Once everyone finished their post lunch espresso it was time to pick up our bikes and head to the gondola. Despite being on brand new pedals, borrowed gear and Vans, opposed to my usual FiveTens, I instantly felt comfortable on the bike. The cobblestone road was no match however for the Alpine terrain we’d soon be encountering.
As per usual at these sort of junkets: comfort, time and jet lag are always on the mind. We stepped out of the gondola and were met with rocky, barren mountainsides and a rugged singletrack that quickly pointed down hill. It was definitely a place where I’d opt to pack a 160mm bike. Either way, we were here now and after all, Juskaitis did promise a thorough couple of days of “mountain biking” and all the types of terrain that entails. Touché.
The rocky introduction soon turned into wide open grassy cow paths where speeds exceeded 30mph. Even at speed on barely visible trails the Trance 29 felt comfortable and planted. Kevin Dana had suggested that this little bike had the composure and attitude of a big bike and I would have to agree. With a 462mm reach 1,196mm wheelbase and 66.5 degree head tube angle, my size large test bike felt much bigger than I expected.
We soon entered some incredibly rocky singletrack where boulders jutted out of the grassy earth as if they were trying to grab any part of your body or bike possible and fling you to the ground. The low gradient would make a big bike feel slow, but the ruggedness would gobble a weak bike up. We pushed our Trance 29’s through the rocky field at varying paces but it looked like everyone came out the other end surprised and in one piece. Impressive for a bike I would have considered too XC for me just a few years ago.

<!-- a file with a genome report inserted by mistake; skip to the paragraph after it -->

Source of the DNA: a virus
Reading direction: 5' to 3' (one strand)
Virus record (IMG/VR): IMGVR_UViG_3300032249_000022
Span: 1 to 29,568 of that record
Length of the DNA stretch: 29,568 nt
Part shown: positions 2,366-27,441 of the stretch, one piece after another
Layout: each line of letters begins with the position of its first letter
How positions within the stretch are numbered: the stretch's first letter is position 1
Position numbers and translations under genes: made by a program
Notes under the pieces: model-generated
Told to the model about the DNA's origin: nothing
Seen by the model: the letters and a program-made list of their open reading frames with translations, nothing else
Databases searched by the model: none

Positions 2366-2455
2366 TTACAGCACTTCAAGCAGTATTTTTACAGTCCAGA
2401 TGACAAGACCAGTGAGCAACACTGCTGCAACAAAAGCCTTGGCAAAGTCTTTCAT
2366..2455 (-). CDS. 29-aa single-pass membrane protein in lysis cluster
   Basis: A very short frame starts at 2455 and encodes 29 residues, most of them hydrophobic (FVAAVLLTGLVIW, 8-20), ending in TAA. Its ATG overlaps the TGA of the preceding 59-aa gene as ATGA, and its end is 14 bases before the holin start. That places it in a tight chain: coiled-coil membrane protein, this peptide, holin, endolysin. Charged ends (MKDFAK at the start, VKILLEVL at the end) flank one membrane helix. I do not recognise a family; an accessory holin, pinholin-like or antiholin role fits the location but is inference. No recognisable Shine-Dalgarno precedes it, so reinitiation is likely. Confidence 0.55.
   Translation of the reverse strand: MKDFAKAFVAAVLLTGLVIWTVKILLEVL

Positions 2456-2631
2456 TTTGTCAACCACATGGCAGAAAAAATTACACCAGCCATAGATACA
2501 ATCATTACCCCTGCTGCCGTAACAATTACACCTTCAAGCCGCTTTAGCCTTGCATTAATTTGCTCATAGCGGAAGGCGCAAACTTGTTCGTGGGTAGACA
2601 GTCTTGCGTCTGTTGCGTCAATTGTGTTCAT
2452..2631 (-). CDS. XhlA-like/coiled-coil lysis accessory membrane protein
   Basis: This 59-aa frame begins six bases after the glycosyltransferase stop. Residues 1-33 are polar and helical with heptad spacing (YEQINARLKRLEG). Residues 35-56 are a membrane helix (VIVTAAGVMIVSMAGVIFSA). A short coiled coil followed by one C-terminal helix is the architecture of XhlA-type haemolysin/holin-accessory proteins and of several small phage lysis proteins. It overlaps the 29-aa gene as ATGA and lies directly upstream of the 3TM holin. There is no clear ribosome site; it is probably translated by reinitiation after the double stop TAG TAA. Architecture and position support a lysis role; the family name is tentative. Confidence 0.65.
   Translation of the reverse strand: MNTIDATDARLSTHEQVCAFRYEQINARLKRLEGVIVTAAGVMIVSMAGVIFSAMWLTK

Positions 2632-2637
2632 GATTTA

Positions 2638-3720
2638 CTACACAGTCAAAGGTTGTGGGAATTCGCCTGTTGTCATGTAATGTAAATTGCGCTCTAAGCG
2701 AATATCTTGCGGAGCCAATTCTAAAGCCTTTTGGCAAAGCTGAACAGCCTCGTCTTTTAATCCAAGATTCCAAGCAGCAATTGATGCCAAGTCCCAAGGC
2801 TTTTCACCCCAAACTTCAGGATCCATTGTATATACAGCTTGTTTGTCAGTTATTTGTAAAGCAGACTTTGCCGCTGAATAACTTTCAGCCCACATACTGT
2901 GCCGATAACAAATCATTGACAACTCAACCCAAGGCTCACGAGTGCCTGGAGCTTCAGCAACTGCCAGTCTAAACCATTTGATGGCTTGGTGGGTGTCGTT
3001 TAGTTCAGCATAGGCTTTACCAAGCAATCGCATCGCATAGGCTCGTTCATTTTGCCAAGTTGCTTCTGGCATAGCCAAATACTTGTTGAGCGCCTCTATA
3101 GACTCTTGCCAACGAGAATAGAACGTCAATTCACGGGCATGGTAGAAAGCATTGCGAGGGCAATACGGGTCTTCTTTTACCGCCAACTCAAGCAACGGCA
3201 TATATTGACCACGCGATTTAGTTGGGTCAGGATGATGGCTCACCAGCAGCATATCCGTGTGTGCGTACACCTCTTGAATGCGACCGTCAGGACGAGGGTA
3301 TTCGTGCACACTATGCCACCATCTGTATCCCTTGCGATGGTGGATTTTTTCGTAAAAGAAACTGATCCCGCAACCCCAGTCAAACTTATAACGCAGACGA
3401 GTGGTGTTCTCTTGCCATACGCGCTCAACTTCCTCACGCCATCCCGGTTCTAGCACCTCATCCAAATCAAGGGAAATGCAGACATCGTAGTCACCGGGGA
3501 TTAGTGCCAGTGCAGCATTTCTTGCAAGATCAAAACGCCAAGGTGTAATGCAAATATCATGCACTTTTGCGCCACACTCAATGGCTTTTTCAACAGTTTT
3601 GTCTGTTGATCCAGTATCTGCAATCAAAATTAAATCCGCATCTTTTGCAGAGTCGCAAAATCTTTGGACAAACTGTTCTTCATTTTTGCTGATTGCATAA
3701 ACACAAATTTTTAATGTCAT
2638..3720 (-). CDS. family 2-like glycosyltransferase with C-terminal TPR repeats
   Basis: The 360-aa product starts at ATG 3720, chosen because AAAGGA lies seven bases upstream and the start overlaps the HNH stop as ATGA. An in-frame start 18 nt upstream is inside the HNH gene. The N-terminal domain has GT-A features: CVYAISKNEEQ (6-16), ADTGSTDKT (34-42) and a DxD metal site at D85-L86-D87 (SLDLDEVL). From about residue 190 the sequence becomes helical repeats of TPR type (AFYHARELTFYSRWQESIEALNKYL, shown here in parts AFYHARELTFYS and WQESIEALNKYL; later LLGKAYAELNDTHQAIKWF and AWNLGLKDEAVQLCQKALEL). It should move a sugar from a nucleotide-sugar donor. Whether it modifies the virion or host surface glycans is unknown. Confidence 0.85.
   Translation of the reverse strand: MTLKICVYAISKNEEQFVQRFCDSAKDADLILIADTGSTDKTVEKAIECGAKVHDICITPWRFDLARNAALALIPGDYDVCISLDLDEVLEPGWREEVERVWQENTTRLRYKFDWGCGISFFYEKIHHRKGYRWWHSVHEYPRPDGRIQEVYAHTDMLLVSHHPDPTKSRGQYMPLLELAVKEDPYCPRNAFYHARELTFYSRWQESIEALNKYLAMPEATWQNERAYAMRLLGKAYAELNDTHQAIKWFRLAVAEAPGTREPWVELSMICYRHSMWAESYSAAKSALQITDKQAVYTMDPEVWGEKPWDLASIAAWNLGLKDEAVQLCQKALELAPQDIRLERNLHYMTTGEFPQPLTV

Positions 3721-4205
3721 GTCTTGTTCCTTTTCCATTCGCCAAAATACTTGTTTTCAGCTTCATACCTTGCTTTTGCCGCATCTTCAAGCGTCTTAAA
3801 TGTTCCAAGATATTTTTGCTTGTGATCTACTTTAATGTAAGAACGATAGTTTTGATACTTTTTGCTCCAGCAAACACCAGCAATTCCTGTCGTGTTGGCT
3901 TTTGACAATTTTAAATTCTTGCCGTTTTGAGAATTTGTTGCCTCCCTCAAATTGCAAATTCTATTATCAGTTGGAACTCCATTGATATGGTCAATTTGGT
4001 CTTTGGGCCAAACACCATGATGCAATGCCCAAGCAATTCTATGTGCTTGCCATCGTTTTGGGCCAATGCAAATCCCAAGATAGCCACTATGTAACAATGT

The rock field intersected the famed Gavia Pass and we dropped (quite literally) off the other side into a steep, serpentine section of singletrack that seemed to never end! Aside from my SRAM brakes fading away, I couldn’t believe the terrain our group was tackling on such a short travel bike. These weren’t thoughts I was having on the trail however, but now that I’m back home, it’s pretty damned impressive!
On the trail I was consumed with the scenery, the steepness of the terrain, how much fun I was having, how naked my knees felt without knee pads, and most importantly, trying to keep my new Vans shoes free of mud and cow dung. Thoughts I could only be having on a bike that was doing its job, and doing it well.
As we dropped lower into the valley the trails got steeper and rootier. Soon we were in the woods and charging corners into nice soil with G-outs and undulations that truly put the bike to its limits. The trails down low easily could entertain riders on full-blown DH rigs. It was here I noticed that nothing can replace travel when you really need it but geometry can get you pretty dang close. Over the sharp rocks, roots and G-outs, I did feel the travel reach the end of its usefulness, however beyond the feedback in my feet telling me there was no more squish, I couldn’t tell the bike was out of its element. Composure, confidence and a willingness to send it were all I got out of the bike.